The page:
Do you think Mining Indaba held a good event? 'Cause they do.

accreditation

Mining Indaba’s 25th instalment was an event of many firsts, and the organisers believe they delivered the biggest and best version of the event to its delegates.

For starters, the Mining Indaba of 2019 had 6 000 delegates, more than any other event in Mining Indaba’s history.

It also became the first Mining Indaba to be formally addressed by a sitting president of South Africa, when President Cyril Ramaphosa took to the podium on Tuesday afternoon to speak to delegates.

Since London-based corporate events giant ITE Group bought Mining Indaba from EuroMoney last year, Mining Indaba has been focused on rebranding itself from a meeting place for panel discussions and monologues, to a networking hived aimed at closing deals.

Mining Indaba’s head of investor relations, Kael O’Sullivan, told Fin24 the 2019 event exceeded organisers' expectations.

'Easily the best'

"The event has been going for 25 years and, while I’ve only been involved for a few of those, this is easily the best one that I have ever been to," said O’Sullivan.

Aside from the quality of speeches, seminars and discussions, O’Sullivan said the Mining Indaba provided a platform specifically aimed at the junior mining sector.

Battery metal shake-up

"The event had serendipitous content and meetings. We also looked at topics that mining investors are thinking about, like regulation, tax, diversity and nationalism.

"We had automotive companies buy up stalls for the first time ever, because of how battery metals have shaken up the sector," O’Sullivan said.

Mining Indaba’s head of marketing, Joanna Kotyrba, told Fin24 that the event presented organisers with an opportunity to pilot new ideas and build on them for future events.

"The main challenge right now is to figure out how to top this next year. We also want to increase participation for government and for investors. There is nothing we would change that we did this time around," said Kotyrba.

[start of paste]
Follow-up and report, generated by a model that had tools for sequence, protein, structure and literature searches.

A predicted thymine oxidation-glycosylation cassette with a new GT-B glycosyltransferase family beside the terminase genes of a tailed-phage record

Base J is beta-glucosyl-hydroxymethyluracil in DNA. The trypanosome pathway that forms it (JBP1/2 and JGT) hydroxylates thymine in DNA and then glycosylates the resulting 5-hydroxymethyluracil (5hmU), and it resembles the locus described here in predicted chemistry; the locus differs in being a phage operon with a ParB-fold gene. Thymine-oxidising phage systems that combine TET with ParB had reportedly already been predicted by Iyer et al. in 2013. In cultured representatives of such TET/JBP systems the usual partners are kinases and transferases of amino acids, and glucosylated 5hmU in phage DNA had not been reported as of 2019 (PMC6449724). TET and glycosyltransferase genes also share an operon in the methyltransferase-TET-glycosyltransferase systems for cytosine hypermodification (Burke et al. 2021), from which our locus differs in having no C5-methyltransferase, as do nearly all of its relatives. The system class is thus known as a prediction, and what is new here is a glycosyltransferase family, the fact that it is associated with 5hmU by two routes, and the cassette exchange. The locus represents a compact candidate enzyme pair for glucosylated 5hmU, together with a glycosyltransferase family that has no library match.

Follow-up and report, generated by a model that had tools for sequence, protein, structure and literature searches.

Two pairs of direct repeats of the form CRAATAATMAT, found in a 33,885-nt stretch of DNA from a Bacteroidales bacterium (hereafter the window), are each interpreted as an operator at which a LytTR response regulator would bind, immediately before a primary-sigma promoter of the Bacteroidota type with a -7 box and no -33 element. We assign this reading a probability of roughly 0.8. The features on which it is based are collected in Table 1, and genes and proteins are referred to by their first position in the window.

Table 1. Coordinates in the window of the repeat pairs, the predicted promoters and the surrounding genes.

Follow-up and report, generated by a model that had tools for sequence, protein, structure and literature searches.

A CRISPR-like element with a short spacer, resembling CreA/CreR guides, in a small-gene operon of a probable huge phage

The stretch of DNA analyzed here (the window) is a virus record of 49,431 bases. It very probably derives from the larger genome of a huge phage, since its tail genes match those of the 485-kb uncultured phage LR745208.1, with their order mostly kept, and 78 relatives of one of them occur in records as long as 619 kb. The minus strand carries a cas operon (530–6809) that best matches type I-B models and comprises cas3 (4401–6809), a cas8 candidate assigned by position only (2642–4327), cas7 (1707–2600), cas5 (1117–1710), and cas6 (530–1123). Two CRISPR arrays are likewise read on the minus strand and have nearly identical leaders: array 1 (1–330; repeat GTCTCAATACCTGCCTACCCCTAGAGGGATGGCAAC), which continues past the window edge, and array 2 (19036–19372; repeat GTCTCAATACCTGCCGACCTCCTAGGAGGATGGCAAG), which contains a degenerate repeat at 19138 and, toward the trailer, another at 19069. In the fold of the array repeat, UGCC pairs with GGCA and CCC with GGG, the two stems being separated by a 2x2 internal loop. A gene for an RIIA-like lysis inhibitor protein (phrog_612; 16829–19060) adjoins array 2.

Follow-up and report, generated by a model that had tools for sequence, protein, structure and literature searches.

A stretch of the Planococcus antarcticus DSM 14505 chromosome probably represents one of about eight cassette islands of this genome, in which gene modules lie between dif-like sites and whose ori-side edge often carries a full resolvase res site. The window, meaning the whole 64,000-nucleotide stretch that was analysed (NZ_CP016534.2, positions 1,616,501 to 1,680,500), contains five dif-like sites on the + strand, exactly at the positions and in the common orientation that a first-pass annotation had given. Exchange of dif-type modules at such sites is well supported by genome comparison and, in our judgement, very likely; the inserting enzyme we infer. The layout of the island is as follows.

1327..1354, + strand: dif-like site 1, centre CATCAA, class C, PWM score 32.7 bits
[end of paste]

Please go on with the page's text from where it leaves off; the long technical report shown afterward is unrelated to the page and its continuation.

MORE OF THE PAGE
We live in a world where facts and fiction get blurred
In times of uncertainty you need journalism you can trust. For only R75 per month, you have access to a world of in-depth analyses, investigative journalism, top opinions and a range of features. Journalism strengthens democracy. Invest in the future today.
Subscribe to News24
Rand - Dollar
14.72
-0.1%
Rand - Pound
20.27
-0.2%
Rand - Euro
17.07
-0.0%
Rand - Aus dollar
11.04
-0.2%
Rand - Yen
0.13
+0.2%
Gold
1,803.00
-0.3%
Silver
24.32
-1.0%
Palladium
2,057.92
-0.3%
Platinum
1,054.50
-0.8%
Brent Crude
85.99
+0.5%
Top 40
60,888
+0.7%
All Share
67,436
+0.6%
Resource 10
63,809
+0.5%
Industrial 25
86,606
+0.8%
Financial 15
13,973
+0.5%
All JSE data delayed by at least 15 minutes Iress logo
Company Snapshot
Voting Booth
Facebook is facing a fresh crisis after a former employee turned whistle-blower leaked internal company research . Do you still use Facebook?
Please select an option Oops! Something went wrong, please try again later.
Results
Yes, the benefits outweigh the risk for me
26% - 292 votes
No, I have deleted it
44% - 504 votes
Yes, but I am considering deleting it
30% - 347 votes
Vote